wildforce71: Luke and Clyde. "Don't forget me." (luke and clyde)
[personal profile] wildforce71
My mother and I are thinking about getting my father a Fitbit for Christmas, mostly because he already has All the Tech. I have a general idea what they do; she is not very good at technology in general. Does anyone have one, or know about them, and can explain in small, friendly words? He doesn't do a lot of deliberate exercise but he does walk most days.

Thank you a million times in advance.

(no subject)

Date: 2016-11-09 11:21 pm (UTC)
tptigger: (Default)
From: [personal profile] tptigger
I have one. What exactly they do depends on what model you get. The basic models count steps and active minutes. Others additionally can track sleep, how many floors of stairs you climb or descend, and I think the fancy newest ones also can track heart rate.

The default goals are 10,000 steps and 30 active minutes a day.

Hope that helps.

(no subject)

Date: 2016-11-09 11:33 pm (UTC)
sailorsol: (Default)
From: [personal profile] sailorsol
Yes, all those things. I've had the Flex, which is the fairly basic model, and currently have the Charge 2 (I had the Charge HR but they have a habit of falling apart). It tracks sleep and heart rate and various activities, calories burned, etc.

Basically it's just a bracelet/watch type thing and everything else is synced up with your smartphone or computer.

(no subject)

Date: 2016-11-10 02:08 am (UTC)
starandrea: (Default)
From: [personal profile] starandrea
I have several! :) I've worn a variety of fitbits over the past year, which means I've outlasted the typical fitbit user by about six months (the average fitbit user wears them for six months before getting bored with them).

Presumably in an effort to keep customer interest, fitbit releases new models once or twice a year and retires old ones at the same time. There are currently seven models available from fitbit.com, with older incarnations still available on ebay. (I bought two fitbits at a considerable discount on ebay and have no problem with them, but the advantage of buying from fitbit.com is the one-year warranty, through which two of my friends have had their fitbits replaced with no questions asked.)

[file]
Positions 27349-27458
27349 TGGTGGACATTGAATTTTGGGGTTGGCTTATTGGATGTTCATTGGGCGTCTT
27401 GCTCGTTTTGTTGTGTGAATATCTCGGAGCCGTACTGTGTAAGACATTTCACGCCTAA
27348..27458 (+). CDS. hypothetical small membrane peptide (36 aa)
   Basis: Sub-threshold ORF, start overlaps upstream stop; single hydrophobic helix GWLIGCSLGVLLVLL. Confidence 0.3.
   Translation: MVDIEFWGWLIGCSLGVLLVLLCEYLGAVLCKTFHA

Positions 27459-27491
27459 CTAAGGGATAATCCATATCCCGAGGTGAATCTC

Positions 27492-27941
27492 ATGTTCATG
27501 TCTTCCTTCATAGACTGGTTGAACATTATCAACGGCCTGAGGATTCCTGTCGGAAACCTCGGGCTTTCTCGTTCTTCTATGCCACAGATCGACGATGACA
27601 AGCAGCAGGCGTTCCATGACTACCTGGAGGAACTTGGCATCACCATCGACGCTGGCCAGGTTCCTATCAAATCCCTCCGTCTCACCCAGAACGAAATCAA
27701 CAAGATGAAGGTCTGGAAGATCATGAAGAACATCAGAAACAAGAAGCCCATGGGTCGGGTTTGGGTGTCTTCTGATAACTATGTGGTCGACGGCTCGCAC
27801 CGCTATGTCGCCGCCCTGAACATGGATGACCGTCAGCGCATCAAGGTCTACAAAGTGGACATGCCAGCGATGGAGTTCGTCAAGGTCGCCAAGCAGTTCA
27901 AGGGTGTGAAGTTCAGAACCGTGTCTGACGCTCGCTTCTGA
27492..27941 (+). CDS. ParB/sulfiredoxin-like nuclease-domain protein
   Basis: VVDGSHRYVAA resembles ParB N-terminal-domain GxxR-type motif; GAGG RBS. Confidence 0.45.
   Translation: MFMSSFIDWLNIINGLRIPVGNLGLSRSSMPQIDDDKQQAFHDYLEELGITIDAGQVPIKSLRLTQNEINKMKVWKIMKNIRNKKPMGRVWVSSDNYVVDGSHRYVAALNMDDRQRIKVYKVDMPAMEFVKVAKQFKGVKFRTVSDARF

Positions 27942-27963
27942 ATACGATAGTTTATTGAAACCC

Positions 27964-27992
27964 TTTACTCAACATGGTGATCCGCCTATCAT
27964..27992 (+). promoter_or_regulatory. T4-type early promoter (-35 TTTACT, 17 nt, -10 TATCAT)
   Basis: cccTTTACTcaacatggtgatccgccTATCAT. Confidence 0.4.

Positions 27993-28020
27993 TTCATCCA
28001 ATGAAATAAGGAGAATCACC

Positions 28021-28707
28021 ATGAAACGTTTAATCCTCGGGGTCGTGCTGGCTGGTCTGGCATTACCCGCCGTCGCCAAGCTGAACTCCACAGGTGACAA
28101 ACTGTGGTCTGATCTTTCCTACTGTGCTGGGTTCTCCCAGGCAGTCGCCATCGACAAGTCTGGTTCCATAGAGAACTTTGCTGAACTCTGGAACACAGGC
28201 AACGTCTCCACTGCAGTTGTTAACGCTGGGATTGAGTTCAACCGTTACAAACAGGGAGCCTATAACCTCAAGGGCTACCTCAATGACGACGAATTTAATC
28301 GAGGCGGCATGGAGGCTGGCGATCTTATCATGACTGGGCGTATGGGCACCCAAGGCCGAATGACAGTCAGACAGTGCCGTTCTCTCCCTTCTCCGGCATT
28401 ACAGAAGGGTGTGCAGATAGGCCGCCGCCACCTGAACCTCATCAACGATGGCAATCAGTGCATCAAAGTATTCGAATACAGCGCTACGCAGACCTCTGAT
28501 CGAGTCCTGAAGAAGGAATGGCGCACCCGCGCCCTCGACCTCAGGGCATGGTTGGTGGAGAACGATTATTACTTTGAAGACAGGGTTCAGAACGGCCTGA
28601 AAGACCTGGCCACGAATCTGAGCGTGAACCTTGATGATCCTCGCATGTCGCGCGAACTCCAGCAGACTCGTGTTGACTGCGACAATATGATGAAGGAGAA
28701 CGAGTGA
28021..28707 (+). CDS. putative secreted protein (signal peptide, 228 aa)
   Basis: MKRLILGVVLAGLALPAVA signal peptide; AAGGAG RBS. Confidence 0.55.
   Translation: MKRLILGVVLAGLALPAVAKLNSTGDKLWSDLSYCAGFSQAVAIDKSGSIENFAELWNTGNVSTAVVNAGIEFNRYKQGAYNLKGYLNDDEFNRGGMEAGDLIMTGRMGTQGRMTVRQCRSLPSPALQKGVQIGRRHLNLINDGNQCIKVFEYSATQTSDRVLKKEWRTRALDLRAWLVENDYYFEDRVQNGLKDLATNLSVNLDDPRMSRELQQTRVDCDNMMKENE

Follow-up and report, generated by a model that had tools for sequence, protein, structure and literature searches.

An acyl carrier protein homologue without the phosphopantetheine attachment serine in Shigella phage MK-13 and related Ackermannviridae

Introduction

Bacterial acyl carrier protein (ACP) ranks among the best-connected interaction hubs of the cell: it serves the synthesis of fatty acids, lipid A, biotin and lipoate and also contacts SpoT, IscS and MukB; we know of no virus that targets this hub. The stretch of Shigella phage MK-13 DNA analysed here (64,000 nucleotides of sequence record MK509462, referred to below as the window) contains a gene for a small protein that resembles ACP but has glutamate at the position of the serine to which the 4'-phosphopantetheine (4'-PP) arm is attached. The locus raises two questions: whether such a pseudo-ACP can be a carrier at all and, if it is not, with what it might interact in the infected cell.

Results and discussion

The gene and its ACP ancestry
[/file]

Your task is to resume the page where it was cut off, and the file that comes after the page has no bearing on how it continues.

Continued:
Although all the models have different features and tracking ability, I personally would group them into two basic categories: fitbits that have a display built in, and fitbits with no display. Any fitbit needs to be synced to a fitbit account (free to create and maintain) through a smartphone app or computer in order to work (the account has a variety of privacy settings you can choose, including "don't share any of my data with anyone"). The difference is that fitbits with a display will show you things you've asked them to measure (steps, stairs, heart rate, etc.) when you tap them, while fitbits with no display won't tell you anything unless you check your account (via app or computer) for the information.

I've used fitbits with a display and fitbits without, and I like the ones with a display better but for one thing: they're bigger and clunkier, and I like to wear other things on my wrists without a fitbit getting in the way. So I currently wear the smallest bracelet fitbit they make, with no display, for everyday use, and I switch it with one of the bigger display fitbits when I go running (it has a built-in GPS that provides me with a map of my run, split times, heart rate, and so forth, none of which the smaller fitbit will do).

I do find that one of the most entertaining things about fitbit is the way you can compare your day to someone else's: that is, the friend factor. Fitbit users who have fitbit friends are more likely to wear them longer, because the "fitbit ecosystem" (actually what it's called!) keeps them engaged through informal competition and formal fitbit "challenges". Even when I'm not paying much attention to my daily steps or sleep or hours of activity, I often check to see where I rank among my friends: are they walking more or less than me?

(What the hell kind of job does Jade have that she regularly walks 200,000 steps in a 7-day period? Is Olivia's fitbit broken or did she just forget to sync it yesterday? That sort of thing. It appeals to my desire for community without the work of social interaction.)

That said, my dad is not technologically inclined and has no fitbit friends other than me and Marci, and he's never used his phone more than he uses it now: to check his fitbit every evening and see how many steps he got that day. So definitely different people get different things out of it! :)

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